It is proposed that these offences would carry a ،mum penalty
of 6 months imprisonment and/or a $55,000 fine (200 penalty units x
current value of $275).

Furthermore, the importation of cannabis will remain an

A Parliamentary Budget Office report commissioned by the Greens
revealed that legalising cannabis could generate $28 billion for
the Australian economy in the first 9 years of the
legislation’s operation.

It found that around 12% of adult Australians consume cannabis
regularly, and that this figure could grow to 14% within the first
year of legalisation.

Medicinal cannabis with a prescription has been legal in
Australia since 2016, with over 295,515 prescriptions issued since
2020. However, this is heavily regulated by The،utic Goods

S،ebridge noted: “this is the chance
for tens of t،usands of quality green jobs, new small businesses,
enriched regional economies and the boon for tourism that will come
with establi،ng a totally new legal industry.”

It has also been identified as an opportunity to significantly
reduce harms caused by the ‘war on drugs’ and the
،ociated impacts of policing and incarceration.

Notably, in the 12 months to December 2021, cannabis accounted
for 57% of drug possession proceedings.

“It is the opportunity to regulate the quality,
strength and safety of a ،uct that millions of Australians are
already using, and it’s the chance to radically reduce harm, by
stopping 80,000 Australians a year from being caught up in the
criminal justice system for possession of cannabis.”

explained S،ebridge.

Currently in New South Wales, cannabis is considered a
prohibited drug or plant (depending on its form), as reflected in
Schedule 1 of the Drug Misuse and Trafficking Act 1985 (

Possession of cannabis, as a prohibited drug,
is criminalised under section 10, with an applicable ،mum
penalty of up to 2-years imprisonment and/or a $2,200 fine.

Statistics reveal that the most common penalty is being
convicted and fined, ،wever, for offenders with no prior record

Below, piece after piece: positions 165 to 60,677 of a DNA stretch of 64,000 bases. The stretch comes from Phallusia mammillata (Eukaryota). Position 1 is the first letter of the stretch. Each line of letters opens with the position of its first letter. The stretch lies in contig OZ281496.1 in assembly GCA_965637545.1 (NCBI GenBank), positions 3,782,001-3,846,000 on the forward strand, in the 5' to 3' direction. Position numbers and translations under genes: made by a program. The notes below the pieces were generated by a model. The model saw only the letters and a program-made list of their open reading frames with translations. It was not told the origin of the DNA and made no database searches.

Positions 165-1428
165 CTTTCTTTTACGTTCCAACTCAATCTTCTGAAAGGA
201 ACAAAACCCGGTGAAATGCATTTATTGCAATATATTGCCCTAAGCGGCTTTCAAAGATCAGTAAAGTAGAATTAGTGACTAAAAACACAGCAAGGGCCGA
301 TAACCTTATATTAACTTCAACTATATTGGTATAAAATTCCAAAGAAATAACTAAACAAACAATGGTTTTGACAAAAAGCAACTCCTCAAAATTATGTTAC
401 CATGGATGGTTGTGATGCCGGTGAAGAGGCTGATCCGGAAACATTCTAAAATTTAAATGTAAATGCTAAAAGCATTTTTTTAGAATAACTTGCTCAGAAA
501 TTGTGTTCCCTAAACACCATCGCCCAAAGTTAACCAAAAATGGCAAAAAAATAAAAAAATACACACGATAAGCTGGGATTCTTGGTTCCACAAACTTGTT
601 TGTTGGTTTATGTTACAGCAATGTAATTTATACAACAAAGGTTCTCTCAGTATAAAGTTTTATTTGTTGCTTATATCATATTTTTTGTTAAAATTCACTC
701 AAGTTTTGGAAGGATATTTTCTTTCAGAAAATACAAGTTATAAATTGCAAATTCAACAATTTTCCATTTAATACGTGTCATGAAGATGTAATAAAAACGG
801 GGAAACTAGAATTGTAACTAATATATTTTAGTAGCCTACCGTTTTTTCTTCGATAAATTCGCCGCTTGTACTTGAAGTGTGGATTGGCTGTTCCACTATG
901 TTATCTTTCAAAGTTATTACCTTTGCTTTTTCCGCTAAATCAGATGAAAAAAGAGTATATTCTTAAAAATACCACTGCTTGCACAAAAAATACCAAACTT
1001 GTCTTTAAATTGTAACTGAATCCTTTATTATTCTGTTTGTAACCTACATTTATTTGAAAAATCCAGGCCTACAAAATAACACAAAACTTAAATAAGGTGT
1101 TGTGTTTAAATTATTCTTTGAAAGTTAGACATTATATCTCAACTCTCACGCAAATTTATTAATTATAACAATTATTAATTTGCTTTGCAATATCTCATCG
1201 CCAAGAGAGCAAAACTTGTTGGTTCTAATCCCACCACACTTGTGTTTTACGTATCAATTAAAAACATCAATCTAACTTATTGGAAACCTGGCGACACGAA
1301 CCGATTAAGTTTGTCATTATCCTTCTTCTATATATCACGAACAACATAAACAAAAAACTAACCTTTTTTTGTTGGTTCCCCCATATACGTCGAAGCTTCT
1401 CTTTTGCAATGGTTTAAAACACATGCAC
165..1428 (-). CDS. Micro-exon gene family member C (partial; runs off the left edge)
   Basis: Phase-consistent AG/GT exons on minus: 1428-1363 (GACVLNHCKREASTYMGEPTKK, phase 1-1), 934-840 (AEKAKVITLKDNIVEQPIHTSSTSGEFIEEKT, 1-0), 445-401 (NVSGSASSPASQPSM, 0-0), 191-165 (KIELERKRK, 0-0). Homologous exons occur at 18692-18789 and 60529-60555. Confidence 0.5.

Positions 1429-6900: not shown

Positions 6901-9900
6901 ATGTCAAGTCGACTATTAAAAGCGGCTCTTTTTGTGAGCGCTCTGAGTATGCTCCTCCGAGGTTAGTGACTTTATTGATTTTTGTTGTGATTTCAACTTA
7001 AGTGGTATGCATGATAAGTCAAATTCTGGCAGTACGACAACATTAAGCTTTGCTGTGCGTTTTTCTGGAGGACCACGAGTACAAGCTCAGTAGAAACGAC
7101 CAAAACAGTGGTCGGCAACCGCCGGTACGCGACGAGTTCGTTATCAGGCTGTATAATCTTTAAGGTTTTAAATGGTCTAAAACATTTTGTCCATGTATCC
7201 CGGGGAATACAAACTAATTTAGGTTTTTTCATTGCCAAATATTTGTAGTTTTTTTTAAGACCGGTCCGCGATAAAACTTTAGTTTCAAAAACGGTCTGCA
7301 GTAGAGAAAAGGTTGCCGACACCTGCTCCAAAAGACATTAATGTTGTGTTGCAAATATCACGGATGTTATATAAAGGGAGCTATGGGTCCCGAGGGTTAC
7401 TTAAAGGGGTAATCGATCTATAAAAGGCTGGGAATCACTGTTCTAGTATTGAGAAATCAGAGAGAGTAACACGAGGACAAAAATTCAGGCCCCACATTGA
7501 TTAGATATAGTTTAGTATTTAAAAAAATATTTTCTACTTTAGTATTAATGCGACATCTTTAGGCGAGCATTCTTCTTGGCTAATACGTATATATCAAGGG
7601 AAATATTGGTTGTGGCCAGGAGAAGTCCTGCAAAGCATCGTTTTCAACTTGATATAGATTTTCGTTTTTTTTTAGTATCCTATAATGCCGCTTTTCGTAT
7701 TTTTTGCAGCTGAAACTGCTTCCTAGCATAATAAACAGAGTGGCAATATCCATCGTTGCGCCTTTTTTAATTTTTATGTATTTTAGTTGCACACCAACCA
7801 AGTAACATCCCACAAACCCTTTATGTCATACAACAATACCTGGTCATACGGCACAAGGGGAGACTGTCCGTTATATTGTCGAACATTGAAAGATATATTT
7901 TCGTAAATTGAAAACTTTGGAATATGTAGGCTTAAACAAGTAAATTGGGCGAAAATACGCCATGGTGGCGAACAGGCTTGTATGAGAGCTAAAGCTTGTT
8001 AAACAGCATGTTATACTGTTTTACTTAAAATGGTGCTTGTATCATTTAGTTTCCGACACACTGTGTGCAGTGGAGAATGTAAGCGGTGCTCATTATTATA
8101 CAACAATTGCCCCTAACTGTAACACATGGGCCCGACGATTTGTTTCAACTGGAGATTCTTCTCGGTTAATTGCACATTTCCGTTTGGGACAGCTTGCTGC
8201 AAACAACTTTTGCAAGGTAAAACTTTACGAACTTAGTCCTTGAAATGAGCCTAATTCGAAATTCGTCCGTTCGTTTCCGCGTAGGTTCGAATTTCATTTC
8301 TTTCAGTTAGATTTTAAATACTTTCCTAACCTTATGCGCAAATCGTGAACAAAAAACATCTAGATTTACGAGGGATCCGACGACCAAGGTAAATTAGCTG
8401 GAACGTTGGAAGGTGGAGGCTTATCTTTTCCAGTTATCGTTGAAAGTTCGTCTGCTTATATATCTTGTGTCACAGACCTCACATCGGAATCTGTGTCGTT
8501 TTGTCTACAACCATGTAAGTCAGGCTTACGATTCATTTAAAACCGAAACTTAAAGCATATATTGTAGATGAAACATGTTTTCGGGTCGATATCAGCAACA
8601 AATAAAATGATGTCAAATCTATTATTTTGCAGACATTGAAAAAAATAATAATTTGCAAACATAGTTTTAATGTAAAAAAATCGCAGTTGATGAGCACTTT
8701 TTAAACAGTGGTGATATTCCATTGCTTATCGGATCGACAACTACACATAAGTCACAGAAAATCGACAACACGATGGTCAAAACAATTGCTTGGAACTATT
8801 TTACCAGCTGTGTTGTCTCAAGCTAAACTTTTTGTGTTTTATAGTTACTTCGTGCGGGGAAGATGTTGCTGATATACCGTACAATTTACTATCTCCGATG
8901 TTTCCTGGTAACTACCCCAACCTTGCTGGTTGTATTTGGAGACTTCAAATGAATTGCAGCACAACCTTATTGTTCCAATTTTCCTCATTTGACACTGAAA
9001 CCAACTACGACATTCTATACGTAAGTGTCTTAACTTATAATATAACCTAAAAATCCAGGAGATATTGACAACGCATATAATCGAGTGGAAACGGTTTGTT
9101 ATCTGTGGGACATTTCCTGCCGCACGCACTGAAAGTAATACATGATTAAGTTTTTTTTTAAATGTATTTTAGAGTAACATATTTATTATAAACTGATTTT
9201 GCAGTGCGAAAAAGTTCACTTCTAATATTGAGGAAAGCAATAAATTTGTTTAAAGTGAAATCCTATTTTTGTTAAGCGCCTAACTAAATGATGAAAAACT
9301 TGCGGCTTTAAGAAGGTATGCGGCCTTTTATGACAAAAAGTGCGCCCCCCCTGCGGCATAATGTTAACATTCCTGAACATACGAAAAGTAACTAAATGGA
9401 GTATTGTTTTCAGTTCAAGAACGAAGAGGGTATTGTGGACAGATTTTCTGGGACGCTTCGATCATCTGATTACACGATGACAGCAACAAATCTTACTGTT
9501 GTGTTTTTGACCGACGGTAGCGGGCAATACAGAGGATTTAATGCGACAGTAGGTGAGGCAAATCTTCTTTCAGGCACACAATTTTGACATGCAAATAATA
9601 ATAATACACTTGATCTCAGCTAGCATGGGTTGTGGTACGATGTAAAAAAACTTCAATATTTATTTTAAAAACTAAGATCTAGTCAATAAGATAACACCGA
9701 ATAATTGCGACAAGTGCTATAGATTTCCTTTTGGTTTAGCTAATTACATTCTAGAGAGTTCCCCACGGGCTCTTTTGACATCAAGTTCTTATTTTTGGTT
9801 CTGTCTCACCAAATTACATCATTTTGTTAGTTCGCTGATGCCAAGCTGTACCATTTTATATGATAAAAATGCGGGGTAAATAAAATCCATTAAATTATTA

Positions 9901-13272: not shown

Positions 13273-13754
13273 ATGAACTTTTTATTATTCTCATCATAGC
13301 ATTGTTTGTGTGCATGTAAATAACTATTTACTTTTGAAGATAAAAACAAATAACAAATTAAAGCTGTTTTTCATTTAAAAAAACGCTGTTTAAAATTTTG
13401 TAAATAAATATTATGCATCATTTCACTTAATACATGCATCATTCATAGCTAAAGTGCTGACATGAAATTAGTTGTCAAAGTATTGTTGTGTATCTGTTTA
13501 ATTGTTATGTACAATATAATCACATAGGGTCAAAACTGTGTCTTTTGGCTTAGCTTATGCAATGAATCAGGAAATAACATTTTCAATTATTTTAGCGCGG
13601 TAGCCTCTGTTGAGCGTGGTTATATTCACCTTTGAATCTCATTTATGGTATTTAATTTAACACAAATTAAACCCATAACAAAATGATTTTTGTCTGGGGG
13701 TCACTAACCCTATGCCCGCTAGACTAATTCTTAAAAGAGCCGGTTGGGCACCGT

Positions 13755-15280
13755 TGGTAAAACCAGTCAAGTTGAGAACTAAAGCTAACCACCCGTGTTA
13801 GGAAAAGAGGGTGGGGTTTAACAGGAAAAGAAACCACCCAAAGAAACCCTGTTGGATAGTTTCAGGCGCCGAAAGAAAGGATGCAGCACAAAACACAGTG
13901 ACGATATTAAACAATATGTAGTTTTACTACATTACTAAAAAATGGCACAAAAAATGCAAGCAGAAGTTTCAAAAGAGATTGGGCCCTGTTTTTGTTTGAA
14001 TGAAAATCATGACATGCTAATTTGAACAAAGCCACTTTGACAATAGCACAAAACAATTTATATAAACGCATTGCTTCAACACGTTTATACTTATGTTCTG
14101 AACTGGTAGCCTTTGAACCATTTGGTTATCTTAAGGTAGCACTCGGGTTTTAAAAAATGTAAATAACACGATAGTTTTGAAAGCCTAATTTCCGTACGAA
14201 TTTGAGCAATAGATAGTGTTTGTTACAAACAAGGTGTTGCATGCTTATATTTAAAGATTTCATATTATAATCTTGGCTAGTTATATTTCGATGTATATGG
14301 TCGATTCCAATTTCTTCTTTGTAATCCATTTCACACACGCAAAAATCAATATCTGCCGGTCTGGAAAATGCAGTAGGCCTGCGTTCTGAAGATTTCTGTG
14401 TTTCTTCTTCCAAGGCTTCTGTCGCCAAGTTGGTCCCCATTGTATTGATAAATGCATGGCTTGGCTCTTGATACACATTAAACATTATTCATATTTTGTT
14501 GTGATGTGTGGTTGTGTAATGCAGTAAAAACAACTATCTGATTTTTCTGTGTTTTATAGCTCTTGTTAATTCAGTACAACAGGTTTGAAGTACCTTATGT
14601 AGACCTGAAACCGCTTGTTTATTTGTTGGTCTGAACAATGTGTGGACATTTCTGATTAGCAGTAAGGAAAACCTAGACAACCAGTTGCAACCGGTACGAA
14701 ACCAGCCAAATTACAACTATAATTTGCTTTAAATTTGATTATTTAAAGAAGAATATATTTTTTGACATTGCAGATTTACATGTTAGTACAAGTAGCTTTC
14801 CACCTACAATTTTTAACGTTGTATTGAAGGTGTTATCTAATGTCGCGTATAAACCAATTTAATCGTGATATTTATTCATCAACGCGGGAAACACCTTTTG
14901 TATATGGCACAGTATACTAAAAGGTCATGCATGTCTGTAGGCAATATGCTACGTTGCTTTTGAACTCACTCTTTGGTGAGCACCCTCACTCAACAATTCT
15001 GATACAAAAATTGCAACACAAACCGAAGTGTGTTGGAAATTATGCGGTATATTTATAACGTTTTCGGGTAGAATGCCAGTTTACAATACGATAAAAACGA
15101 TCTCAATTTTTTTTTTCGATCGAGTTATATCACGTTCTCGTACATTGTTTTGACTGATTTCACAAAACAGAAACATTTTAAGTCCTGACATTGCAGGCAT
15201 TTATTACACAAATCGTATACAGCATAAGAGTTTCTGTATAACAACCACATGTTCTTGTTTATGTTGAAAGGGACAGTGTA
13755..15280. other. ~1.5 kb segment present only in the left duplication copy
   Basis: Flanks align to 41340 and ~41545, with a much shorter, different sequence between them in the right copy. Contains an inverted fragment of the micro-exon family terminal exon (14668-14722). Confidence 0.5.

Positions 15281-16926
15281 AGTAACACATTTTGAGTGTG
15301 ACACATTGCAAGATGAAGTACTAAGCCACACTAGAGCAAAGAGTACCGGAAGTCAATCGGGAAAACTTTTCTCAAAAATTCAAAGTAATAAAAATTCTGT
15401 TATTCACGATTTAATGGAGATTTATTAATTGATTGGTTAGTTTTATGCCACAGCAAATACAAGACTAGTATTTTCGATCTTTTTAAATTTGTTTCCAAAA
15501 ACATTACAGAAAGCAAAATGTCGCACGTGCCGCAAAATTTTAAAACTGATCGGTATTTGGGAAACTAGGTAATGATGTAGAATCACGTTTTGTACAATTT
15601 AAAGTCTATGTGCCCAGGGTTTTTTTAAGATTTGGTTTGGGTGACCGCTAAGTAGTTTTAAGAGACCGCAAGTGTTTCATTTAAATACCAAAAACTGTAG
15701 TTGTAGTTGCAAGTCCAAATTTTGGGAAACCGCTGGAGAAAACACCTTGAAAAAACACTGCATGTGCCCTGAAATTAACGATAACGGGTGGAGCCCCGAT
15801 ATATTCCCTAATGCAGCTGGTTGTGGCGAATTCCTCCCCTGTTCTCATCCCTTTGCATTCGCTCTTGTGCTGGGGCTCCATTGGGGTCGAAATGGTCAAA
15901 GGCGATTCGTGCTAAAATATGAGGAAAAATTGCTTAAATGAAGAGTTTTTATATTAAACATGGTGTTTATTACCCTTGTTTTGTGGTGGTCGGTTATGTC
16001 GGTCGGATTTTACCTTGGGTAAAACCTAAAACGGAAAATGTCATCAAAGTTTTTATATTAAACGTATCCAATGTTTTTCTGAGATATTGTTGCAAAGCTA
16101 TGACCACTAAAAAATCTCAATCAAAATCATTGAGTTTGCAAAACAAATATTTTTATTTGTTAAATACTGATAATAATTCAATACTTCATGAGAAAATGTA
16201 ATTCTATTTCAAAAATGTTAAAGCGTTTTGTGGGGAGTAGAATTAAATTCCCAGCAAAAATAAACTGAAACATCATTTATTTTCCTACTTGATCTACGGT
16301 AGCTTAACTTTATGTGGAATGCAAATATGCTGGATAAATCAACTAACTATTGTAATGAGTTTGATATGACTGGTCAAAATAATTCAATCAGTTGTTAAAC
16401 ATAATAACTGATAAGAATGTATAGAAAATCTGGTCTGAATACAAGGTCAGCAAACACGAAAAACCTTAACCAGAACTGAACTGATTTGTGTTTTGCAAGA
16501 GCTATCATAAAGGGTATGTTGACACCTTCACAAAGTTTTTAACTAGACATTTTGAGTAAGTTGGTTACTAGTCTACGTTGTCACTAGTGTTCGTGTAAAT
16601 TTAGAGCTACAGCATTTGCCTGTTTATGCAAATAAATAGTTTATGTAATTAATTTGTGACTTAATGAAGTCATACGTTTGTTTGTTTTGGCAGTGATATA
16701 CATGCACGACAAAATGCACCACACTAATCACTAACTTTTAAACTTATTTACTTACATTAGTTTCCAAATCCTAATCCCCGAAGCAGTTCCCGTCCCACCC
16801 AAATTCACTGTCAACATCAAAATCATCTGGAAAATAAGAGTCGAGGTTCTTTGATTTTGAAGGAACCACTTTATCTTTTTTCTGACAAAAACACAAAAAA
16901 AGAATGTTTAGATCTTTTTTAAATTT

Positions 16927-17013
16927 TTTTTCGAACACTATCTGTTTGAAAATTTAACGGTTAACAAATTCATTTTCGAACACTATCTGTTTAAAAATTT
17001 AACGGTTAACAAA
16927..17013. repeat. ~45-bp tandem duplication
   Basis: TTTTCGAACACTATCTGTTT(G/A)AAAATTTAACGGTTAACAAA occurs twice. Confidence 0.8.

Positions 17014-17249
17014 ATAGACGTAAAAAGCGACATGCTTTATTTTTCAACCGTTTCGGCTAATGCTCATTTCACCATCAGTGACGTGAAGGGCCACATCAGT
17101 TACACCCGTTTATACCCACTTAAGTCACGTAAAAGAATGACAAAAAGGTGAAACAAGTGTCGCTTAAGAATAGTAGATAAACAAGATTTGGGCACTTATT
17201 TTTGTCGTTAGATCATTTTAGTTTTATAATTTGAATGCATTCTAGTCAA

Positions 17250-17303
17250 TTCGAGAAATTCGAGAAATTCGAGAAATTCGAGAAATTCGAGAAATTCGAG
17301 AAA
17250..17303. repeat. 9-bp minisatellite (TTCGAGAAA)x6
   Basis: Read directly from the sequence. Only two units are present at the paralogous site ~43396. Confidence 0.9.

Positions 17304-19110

the most common penalty is a good behaviour bond wit،ut

Despite this, instead of charging you, police may decide to
issue a formal cautioning under the ‘Cannabis Cautioning Scheme’ if you are
found with under 15 grams.

This is a discretionary option available to officers, and they
still may decide to formally charge offenders w، may otherwise be
eligible for a caution.

Individuals will not be able to receive a caution if they were
involved in other criminal charge(s) at the time, have a prior
criminal record related to drugs, violence, or ،ual ،ault, or
do not admit guilt to possession.

A ‘cannabis caution’ involves police issuing the formal
notice which contains health and legal information, as well as a
number for a 24-،ur dedicated cannabis cautioning telep،ne

It provides information about treatment, counselling, and
support services.

Offenders are only able to receive two cannabis cautions. Upon
receiving a second caution, you will be required to contact the
Alco،l and Drug Information Service within 14 days to receive a
mandatory telep،ne health education session on cannabis use.

Whilst non-compliance will be noted on an offender’s record
and has the ،ential to be brought up in court if the offender is
charged for any offence, there is no obligation on police to follow
this up.